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KETI’s ultra-thin OLED is a precursor to foldable smartphones

Posted by wicked April - 10 - 2015 - Friday Comments Off

Highly-flexible OLED electrode

Researchers at the Korea Electronics Technology Institute (KETI) have announced the world’s most flexible, ultra-thin OLED electrode material, which can be folded at an angle thinner than a strand of hair (0.1mm), leading the way towards ultra-flexible displays. Flexible OLED technology is the secret behind Samsung’s Galaxy Edge smartphones and LG’s G Flex range, which has opened up new ergonomic designs for mobile products.

The new technology was created by fusing silver nano wire with a colorless polyimide in the OLED panel, rather than using Indium tin oxide, which easily cracks when bent. Previously, silver nano wires had not been used in flexible OLED displays because they produce a rough surface. This problem was solved by placing the wire in the polymer substrate and then smoothing the surface using plasma irradiation. Previously the maximum curve radius of flexible OLED was around 5mm, so this is a substantial improvement.

“With this OLED electrode material, smartphones can be rolled and fully folded like paper,” – Korea Electronics Technology Institute

Flexible OLED elementThe technology has already undergone some rather rigorous testing. Researchers say that the material can survive 100,000 folds before breaking, which would allow users to open up an ultra-foldable smartphone 100 times a day for two years consistently before breaking.

Furthermore, the OLED has excellent performance properties. The transmission of visible light reaches 90 percent and sheet resistance reached 8 ohm/sq, handily above the industry criteria of 85 percent transmission and 15 ohm resistance to be classed as a foldable material.

“We are currently discussing mass production with major chemical material manufacturers in Korea, expecting that a fully-foldable smartphone will be available on a commercial scale within two years to come.”

KETI anticipates that this breakthrough could lead to the first commercially available foldable smartphone within just two years. However, we have no idea what such a device would look like or how it would function, and wearables or electronic paper seem like more suitable uses for this technology in the near future.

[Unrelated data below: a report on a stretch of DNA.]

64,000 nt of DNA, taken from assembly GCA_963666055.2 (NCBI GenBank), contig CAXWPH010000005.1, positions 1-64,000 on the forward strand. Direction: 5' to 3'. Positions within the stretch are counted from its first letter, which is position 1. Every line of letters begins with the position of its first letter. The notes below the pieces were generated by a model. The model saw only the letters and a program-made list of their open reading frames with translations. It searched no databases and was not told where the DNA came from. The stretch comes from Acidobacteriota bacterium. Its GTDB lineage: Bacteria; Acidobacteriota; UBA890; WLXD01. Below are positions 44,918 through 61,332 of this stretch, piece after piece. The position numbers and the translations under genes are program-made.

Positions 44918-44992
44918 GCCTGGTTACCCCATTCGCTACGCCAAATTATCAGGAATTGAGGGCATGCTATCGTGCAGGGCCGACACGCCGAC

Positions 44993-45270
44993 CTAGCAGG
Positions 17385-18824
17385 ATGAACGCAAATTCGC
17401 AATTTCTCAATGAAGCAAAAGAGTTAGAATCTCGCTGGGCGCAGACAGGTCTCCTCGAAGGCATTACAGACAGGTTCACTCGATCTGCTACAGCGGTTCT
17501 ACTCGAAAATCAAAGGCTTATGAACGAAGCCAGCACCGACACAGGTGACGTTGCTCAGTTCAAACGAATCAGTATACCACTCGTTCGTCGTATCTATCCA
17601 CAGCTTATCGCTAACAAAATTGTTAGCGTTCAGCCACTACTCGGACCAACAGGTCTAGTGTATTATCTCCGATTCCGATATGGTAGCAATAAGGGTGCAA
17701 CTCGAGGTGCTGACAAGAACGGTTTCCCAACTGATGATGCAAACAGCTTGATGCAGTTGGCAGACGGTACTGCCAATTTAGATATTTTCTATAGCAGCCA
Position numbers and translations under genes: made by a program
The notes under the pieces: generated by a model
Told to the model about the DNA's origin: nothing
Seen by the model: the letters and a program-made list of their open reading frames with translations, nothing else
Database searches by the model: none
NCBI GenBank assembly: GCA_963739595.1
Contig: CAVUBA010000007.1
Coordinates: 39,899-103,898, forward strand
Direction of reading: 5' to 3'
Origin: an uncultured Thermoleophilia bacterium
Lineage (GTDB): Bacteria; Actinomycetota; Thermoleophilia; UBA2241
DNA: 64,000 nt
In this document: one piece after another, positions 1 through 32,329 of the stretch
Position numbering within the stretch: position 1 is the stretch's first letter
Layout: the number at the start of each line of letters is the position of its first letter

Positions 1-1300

We are still waiting on major breakthroughs in other areas of flexible electronics before we can talk about a competitor to today’s high-end devices. Even so, this is a promising step forward for ultra-flexible electronics.

Caltech sensor could turn your phone into a 3D scanner

Posted by wicked April - 6 - 2015 - Monday Comments Off

Hajimiri-CCI-3D scanning

3D printing technology is gradually becoming slightly more affordable, but we’re not all CAD experts and a cheap 3D scanner to help produce our own objects remains elusive. Fortunately, CalTech researchers, working under electrical engineer Ali Hajimiri, are working on a new “nanophotonic coherent imager” (NCI) that may one day allow users to scan 3D images with just their smartphone.

The tiny NCI chip measures less than a square millimetre and is based on Light Detection and Ranging (LIDAR) technology, which beams a laser onto a subject and analyses the light waves reflected back. From this data, the sensor can provide accurate height, width and depth information for each pixel in the shot. Typically, image sensors are only interested in the light intensity of each pixel, which doesn’t offer any distance information.

Each “pixel” within the sensor is a LIDAR, allowing for multiple data points to analyse the phase, frequency and intensity of the reflected waves. Combining all the data together forms a detailed 3D image, which is apparently accurate to within microns of the original scene. Here’s the explanation of how it works:

If two light waves are coherent, the waves have the same frequency, and the peaks and troughs of light waves are exactly aligned with one another. In the NCI, the object is illuminated with this coherent light. The light that is reflected off of the object is then picked up by on-chip detectors, called grating couplers, that serve as “pixels,” as the light detected from each coupler represents one pixel on the 3-D image. On the NCI chip, the phase, frequency, and intensity of the reflected light from different points on the object is detected and used to determine the exact distance of the target point.